If this water be confined in a glass tube, together with common air, and be exposed to a long continued heat, it forms real sulphur, the dephlogisticated part of the common air being imbibed, and forming real vitriolic acid, which uniting with the phlogiston in the air, forms the sulphur. Also this air mixed with atmospheric air will, without heat, imbibe some part of it, and thereby become the common acid of vitriol; so that water impregnated with vitriolic acid air, commonly called sulphureous, or phlogisticated acid of vitriol, wants dephlogisticated air to make it the common acid of of vitriol.

This kind of air is imbibed by oils, which thereby change their colour; whale oil becoming red, olive oil of an orange colour, and spirit of turpentine of the colour of amber.

If this air be confined in a glass tube by mercury, and the electric spark be taken in it, a black tinge will be given to the glass [Pg 36] contiguous to the spark, and this black substance appears to be mercury super-phlogisticated; since by exposure to air it becomes running mercury: so that the vapour of mercury must be diffused through every part of this air, to the distance of at least several feet from the surface of the mercury.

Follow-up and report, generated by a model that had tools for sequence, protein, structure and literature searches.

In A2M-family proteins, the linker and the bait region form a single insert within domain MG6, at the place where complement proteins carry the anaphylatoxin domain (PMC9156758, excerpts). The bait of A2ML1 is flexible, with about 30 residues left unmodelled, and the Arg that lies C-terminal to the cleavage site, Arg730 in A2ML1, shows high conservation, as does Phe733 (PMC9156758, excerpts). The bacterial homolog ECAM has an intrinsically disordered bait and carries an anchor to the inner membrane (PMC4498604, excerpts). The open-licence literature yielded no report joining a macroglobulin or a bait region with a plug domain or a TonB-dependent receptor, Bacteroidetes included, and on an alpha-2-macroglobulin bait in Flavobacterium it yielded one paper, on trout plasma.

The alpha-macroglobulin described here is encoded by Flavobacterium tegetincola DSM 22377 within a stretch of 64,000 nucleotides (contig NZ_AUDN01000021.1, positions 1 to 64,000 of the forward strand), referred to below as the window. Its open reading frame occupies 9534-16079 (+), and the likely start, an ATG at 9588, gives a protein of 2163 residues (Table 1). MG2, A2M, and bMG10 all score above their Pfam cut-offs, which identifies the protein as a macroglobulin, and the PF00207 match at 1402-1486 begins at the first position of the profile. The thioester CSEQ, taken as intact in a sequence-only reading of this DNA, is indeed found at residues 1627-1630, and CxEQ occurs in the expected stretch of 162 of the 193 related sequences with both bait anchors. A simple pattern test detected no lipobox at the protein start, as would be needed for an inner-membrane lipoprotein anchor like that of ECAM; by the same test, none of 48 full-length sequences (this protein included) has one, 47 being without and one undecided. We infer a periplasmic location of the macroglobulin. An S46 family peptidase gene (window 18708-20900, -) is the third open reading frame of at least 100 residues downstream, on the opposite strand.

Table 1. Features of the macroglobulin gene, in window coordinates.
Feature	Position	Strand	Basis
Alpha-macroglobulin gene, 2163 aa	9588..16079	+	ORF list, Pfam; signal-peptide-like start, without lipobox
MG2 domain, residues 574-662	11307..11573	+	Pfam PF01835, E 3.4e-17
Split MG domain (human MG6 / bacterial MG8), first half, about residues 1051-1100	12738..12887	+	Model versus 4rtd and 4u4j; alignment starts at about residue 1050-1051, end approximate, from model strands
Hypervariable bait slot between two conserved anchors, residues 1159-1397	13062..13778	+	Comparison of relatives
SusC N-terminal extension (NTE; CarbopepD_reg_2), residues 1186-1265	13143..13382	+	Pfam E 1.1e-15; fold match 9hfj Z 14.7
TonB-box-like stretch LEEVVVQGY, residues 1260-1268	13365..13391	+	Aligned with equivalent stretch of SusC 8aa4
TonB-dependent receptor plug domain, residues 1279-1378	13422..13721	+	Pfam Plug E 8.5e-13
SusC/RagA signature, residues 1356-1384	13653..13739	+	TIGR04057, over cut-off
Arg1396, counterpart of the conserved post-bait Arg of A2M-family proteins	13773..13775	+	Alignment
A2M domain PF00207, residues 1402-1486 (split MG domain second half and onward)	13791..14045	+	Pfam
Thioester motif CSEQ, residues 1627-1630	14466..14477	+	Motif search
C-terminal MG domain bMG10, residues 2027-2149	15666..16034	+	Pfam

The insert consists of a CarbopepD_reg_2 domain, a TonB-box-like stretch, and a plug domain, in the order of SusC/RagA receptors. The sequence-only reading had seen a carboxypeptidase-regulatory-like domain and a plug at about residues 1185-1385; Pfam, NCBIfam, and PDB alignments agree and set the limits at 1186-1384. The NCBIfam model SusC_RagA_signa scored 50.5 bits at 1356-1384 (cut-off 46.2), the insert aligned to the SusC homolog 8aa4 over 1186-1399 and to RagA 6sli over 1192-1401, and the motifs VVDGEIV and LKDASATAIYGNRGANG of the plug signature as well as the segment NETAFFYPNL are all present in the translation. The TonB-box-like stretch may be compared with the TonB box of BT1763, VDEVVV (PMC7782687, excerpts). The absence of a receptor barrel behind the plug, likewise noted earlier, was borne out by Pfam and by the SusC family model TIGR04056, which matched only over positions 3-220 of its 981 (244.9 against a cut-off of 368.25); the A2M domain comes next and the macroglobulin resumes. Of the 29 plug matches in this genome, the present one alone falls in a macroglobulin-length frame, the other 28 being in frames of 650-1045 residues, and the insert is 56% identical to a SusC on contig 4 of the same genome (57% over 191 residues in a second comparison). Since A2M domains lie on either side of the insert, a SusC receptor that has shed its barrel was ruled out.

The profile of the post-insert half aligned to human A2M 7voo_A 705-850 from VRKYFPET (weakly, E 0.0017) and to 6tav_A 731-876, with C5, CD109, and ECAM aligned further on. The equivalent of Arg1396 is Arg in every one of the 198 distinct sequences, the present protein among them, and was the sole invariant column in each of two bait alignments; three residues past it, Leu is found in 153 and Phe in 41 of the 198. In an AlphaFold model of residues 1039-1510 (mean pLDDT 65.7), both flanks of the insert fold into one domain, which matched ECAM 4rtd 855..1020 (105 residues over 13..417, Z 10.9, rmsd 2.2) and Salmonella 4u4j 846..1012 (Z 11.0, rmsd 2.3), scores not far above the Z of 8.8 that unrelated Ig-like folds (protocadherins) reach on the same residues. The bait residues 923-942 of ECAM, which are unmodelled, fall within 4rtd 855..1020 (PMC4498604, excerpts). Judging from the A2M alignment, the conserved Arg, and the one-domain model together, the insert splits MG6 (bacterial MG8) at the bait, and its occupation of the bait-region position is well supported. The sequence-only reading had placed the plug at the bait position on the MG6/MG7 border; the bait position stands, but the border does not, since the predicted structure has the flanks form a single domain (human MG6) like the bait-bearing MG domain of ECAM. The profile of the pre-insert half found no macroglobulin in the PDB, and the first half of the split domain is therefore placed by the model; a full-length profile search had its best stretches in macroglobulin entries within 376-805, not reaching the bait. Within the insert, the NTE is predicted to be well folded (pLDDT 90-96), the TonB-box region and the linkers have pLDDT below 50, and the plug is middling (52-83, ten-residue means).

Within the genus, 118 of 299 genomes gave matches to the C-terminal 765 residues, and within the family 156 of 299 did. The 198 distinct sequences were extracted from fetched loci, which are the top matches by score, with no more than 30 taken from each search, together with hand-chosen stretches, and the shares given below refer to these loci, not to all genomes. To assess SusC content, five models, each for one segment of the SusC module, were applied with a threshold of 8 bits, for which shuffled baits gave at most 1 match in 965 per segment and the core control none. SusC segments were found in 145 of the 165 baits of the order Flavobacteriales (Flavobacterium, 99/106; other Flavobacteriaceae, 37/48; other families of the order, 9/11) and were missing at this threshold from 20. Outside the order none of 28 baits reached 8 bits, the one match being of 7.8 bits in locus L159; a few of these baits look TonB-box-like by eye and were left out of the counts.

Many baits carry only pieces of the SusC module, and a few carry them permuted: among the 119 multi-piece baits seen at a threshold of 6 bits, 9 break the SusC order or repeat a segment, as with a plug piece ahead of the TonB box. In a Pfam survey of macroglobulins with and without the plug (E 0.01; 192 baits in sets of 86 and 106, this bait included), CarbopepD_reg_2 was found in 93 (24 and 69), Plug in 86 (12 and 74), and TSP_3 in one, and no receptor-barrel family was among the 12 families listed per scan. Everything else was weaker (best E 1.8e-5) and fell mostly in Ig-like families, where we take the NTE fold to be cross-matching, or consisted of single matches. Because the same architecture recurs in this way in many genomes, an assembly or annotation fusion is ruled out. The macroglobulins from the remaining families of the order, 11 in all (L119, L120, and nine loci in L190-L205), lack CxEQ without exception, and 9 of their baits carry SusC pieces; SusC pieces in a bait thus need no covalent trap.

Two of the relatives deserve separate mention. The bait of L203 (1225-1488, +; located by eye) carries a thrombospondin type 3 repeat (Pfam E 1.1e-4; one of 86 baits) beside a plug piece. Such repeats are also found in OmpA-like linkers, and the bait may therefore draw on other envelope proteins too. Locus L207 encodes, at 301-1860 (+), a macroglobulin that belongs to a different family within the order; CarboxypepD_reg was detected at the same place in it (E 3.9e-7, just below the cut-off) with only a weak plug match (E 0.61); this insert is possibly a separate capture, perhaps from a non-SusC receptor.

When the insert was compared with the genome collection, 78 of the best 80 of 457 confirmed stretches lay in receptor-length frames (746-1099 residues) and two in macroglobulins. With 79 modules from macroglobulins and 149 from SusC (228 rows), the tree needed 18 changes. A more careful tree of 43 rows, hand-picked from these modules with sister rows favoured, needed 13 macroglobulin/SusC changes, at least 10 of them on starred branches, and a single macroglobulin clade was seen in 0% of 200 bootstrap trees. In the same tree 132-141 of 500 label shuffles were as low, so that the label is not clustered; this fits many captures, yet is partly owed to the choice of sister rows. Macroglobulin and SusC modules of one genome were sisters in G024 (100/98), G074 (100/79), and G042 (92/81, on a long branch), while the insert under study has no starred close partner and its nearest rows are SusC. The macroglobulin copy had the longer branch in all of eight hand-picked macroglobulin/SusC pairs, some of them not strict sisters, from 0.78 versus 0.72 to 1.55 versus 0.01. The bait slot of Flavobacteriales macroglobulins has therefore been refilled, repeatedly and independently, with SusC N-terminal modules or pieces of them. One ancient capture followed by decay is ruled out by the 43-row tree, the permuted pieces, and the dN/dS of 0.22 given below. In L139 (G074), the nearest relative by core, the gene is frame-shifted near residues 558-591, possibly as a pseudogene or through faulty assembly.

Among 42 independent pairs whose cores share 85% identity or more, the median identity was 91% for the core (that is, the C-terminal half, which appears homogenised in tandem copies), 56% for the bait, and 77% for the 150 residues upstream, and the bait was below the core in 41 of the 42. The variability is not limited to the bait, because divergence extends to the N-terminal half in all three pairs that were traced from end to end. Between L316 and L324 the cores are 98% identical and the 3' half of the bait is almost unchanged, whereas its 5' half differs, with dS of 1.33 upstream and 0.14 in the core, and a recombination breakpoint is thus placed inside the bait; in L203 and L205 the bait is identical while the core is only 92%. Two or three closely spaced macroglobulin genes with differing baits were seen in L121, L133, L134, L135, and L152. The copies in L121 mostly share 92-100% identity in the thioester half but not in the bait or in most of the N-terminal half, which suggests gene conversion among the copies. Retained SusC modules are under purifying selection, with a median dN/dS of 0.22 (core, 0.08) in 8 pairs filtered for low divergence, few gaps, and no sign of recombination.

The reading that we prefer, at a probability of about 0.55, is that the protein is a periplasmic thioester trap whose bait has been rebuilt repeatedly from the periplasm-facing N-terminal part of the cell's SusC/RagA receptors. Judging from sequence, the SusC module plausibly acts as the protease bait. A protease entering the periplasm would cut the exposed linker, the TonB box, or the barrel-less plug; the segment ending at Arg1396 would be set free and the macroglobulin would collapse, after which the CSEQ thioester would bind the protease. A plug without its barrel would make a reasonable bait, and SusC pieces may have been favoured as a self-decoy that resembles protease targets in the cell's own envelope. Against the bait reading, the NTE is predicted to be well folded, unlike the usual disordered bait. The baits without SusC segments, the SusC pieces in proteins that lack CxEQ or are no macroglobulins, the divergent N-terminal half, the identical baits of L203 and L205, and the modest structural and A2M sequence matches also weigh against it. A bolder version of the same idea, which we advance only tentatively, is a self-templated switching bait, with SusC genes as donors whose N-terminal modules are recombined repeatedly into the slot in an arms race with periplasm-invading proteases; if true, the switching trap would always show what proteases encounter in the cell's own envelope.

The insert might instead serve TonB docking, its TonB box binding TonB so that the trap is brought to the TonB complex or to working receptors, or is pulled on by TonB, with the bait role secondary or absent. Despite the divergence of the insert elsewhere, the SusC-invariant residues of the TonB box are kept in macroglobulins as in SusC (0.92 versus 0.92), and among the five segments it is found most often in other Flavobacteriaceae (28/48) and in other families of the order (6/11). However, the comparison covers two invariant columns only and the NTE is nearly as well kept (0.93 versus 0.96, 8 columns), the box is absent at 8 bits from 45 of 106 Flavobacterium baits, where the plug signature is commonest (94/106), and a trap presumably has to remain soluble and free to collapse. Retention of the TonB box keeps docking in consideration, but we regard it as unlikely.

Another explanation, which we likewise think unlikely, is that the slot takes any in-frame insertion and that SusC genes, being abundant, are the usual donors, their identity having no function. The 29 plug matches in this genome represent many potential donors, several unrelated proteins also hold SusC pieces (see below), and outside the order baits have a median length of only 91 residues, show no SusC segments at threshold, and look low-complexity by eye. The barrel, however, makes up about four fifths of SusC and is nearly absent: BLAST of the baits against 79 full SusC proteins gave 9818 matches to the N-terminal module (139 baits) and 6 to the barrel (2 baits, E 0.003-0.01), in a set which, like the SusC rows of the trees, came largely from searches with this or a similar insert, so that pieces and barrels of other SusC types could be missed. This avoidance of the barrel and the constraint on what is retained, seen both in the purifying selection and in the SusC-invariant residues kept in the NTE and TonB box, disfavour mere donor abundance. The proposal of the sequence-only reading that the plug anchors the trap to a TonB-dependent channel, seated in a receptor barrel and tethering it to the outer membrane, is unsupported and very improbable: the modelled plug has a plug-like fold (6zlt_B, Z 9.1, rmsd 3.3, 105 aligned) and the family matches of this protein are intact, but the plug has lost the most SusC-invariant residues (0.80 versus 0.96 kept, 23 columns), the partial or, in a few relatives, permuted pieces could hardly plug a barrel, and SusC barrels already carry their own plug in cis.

Of Fluor Acid Air.

Fluor acid air is procured by dissolving the earthy substance called fluor in vitriolic acid.

This kind of air extinguishes a candle, and, like vitriolic acid air, one measure of it saturates two of alkaline air. It is peculiar to this kind of air to dissolve glass when it is hot.

It seems to consist of a peculiar acid vapour united to the stony substance of the fluor; for water being admitted to it absorbs the acid vapour, and the stony substance is deposited. By this means it exhibits an amusing appearance, whether water [Pg 37] be admitted to a glass jar previously filled with that air, or the bubbles of air be admitted, as they are formed, to a quantity of water resting on mercury.